Plant & Works Engineering

Bagging a bargain

Published:  08 May, 2007

If there's one thing which defines the British psyche it"s the desire to bag a bargain, whether it be from ebay, Amazon or Primark. And why not?  The risks of buying say, a CD on ebay where the origin cannot be verified, is that the play list order on the sleeve may not match the CD. However, buying more critical items such as parts for a compressed air system - e.g. compressor spares, pressure relief (safety) valves, filter elements and pneumatic hand tools, has far greater risks in terms of reliability for the system as well as safety.

Always check for the CE mark - evidence that the product complies with European law.  It should also have printed instructions - if one or both of these are missing, then the product may be counterfeit, non-compliant and not perform as it should.  See BCAS fact sheet FCT305 Machinery Conformity.  Perhaps the greatest risk is that it injures employees (e.g. high levels of vibration or noise from a non-compliant tool) then you are faced with litigation.  If a product does fail within 12 months, you are still entitled to a refund from the supplier, though this is hardly sufficient consolation for the disruption to your process and personnel time involved, neither does it constitute good business practice to be fixing problems caused by purchasing on a "lowest initial cost” basis.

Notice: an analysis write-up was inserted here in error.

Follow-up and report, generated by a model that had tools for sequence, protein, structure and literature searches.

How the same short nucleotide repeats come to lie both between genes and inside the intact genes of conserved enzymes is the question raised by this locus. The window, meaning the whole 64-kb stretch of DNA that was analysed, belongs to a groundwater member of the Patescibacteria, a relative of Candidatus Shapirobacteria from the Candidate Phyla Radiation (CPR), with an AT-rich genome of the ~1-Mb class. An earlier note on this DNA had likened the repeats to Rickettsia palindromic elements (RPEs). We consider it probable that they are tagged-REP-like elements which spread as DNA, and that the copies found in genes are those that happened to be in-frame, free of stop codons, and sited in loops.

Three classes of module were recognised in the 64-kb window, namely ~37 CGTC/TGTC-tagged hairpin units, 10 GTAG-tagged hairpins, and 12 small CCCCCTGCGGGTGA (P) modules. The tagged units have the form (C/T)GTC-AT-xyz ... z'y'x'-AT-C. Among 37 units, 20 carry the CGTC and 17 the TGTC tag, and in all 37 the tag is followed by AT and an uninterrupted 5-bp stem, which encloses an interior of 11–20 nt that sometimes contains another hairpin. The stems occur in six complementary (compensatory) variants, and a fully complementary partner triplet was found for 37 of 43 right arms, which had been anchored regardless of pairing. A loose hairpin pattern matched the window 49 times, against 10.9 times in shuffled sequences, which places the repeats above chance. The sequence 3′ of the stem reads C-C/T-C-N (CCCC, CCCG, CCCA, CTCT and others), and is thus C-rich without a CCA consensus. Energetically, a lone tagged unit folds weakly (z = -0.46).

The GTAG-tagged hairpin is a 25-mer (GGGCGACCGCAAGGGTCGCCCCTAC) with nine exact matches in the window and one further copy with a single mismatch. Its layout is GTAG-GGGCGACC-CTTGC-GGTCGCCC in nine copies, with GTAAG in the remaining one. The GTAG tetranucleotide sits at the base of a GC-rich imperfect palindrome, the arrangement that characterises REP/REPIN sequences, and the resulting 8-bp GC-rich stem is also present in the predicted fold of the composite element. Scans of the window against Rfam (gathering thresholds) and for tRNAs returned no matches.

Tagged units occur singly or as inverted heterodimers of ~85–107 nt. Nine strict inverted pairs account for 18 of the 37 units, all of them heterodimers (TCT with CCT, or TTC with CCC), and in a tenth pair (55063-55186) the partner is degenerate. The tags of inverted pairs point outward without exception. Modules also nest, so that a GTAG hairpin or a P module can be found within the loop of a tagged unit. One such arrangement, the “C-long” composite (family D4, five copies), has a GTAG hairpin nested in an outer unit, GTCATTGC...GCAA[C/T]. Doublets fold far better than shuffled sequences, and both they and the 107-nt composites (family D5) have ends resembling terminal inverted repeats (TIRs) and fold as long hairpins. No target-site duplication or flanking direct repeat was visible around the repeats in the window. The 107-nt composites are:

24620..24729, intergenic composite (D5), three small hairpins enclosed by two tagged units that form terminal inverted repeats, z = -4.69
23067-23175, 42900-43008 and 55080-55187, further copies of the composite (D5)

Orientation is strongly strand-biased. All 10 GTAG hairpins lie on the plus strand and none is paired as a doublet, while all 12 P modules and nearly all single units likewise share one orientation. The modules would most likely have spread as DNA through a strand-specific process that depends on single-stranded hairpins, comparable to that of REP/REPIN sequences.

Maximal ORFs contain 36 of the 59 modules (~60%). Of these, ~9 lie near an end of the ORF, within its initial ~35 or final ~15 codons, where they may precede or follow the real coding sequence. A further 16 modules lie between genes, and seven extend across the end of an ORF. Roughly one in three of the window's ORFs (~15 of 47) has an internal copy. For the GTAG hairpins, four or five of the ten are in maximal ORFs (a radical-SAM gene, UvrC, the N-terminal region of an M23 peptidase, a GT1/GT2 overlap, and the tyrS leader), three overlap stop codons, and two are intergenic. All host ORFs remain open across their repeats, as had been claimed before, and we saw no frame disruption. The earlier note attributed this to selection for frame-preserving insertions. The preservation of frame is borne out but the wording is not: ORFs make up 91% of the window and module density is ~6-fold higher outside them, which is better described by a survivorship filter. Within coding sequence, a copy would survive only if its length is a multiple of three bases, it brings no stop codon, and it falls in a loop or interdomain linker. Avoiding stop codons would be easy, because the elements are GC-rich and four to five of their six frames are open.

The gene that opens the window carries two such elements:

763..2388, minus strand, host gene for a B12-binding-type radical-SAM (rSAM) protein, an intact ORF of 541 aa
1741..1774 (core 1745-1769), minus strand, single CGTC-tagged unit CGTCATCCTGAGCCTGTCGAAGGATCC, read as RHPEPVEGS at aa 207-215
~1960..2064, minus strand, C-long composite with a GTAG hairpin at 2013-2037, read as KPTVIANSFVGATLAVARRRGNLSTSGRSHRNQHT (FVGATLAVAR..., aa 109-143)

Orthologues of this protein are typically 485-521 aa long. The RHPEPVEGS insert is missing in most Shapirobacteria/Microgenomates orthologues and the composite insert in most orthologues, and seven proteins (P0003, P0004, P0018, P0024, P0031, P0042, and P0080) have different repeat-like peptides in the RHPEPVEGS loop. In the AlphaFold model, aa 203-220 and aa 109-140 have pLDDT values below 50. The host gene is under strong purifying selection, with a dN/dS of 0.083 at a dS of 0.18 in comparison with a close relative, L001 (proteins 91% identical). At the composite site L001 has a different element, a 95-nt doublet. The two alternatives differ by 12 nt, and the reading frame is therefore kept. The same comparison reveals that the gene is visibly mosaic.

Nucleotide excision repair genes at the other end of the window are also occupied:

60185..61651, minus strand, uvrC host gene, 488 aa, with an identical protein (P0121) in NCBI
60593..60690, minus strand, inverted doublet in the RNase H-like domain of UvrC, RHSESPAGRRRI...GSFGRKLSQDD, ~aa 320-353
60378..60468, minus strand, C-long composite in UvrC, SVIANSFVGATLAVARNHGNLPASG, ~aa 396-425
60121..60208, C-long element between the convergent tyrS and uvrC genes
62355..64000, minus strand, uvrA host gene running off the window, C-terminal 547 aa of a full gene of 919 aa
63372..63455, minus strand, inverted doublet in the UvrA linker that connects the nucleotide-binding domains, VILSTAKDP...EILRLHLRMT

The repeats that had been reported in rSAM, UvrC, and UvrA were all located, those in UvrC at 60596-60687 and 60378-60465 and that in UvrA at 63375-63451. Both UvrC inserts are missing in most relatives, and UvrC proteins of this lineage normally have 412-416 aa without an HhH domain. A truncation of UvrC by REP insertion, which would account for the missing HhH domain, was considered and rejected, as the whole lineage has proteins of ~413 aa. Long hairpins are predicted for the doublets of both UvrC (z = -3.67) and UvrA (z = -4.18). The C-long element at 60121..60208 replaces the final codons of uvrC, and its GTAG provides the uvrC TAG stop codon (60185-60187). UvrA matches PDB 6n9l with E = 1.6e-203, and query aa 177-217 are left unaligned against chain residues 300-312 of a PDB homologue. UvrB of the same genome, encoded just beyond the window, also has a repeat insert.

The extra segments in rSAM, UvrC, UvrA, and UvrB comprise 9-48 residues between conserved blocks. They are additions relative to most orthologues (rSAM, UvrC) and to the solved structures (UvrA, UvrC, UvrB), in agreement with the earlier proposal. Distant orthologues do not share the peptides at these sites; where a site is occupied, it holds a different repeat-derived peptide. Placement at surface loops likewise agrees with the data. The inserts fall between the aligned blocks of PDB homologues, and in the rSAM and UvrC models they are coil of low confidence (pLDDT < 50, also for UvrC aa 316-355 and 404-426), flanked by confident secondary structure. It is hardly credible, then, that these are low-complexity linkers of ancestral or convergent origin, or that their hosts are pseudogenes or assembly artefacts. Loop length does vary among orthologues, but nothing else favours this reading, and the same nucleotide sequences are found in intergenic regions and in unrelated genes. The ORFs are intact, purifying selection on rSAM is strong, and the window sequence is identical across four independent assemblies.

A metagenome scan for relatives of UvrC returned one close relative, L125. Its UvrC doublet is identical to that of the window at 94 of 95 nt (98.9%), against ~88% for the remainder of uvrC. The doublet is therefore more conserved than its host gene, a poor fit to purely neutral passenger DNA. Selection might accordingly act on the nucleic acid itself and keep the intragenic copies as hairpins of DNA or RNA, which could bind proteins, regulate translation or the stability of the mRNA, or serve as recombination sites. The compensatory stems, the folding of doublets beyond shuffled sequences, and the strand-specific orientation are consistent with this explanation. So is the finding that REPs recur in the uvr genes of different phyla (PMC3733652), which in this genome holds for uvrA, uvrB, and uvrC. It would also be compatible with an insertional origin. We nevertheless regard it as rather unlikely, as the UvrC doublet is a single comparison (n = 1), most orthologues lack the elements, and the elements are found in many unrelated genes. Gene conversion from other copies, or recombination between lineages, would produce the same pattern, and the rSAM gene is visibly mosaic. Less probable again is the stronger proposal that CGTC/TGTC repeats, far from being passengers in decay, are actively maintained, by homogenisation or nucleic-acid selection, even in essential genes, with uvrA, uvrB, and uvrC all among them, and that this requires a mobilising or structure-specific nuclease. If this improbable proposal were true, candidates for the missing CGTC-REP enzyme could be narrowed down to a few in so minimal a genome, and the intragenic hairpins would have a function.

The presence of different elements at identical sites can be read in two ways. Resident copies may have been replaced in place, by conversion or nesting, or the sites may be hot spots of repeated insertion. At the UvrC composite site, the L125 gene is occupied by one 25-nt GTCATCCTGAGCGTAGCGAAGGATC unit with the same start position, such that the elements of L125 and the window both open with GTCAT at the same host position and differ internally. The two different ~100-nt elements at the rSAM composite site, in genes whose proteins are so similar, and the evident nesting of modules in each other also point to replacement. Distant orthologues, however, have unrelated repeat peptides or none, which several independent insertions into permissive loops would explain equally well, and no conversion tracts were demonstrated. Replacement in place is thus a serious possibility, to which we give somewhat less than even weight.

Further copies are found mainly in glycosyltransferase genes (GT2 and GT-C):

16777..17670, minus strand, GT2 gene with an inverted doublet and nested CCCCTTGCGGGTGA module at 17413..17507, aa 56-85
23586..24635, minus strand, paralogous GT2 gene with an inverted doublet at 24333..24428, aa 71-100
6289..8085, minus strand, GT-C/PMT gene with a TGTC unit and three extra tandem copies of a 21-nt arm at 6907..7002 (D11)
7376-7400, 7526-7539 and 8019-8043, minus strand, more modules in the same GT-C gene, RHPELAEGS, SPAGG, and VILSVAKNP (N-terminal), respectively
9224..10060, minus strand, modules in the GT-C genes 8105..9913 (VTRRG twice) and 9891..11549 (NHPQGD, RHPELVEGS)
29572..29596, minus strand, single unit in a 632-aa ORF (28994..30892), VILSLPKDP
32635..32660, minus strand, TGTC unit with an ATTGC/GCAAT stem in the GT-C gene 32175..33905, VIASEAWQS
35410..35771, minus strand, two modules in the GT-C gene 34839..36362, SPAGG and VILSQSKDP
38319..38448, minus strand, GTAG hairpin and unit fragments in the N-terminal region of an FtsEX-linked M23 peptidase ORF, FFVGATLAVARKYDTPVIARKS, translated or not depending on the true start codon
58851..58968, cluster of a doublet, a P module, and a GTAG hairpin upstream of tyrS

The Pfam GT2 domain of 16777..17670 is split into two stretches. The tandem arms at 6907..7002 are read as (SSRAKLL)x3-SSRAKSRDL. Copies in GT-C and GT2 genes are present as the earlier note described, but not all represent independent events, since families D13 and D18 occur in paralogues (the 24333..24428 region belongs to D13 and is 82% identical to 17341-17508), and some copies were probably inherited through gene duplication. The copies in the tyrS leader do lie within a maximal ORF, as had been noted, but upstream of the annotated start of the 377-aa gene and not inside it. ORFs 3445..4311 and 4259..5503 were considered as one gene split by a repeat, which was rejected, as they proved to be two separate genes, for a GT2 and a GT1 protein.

Ensure that when buying replacement parts that any non-OEM product is fit for purpose e.g. a filter element has sufficient pressure rating.  OEM products may have a patented design or employ different technology so that the dirt holding or oil removal capacity, of the filter element is greater such that the service life is longer and offers better protection for downstream product.

So, when purchasing equipment, remember the old maxim – if something appears too good to be true – then it probably is.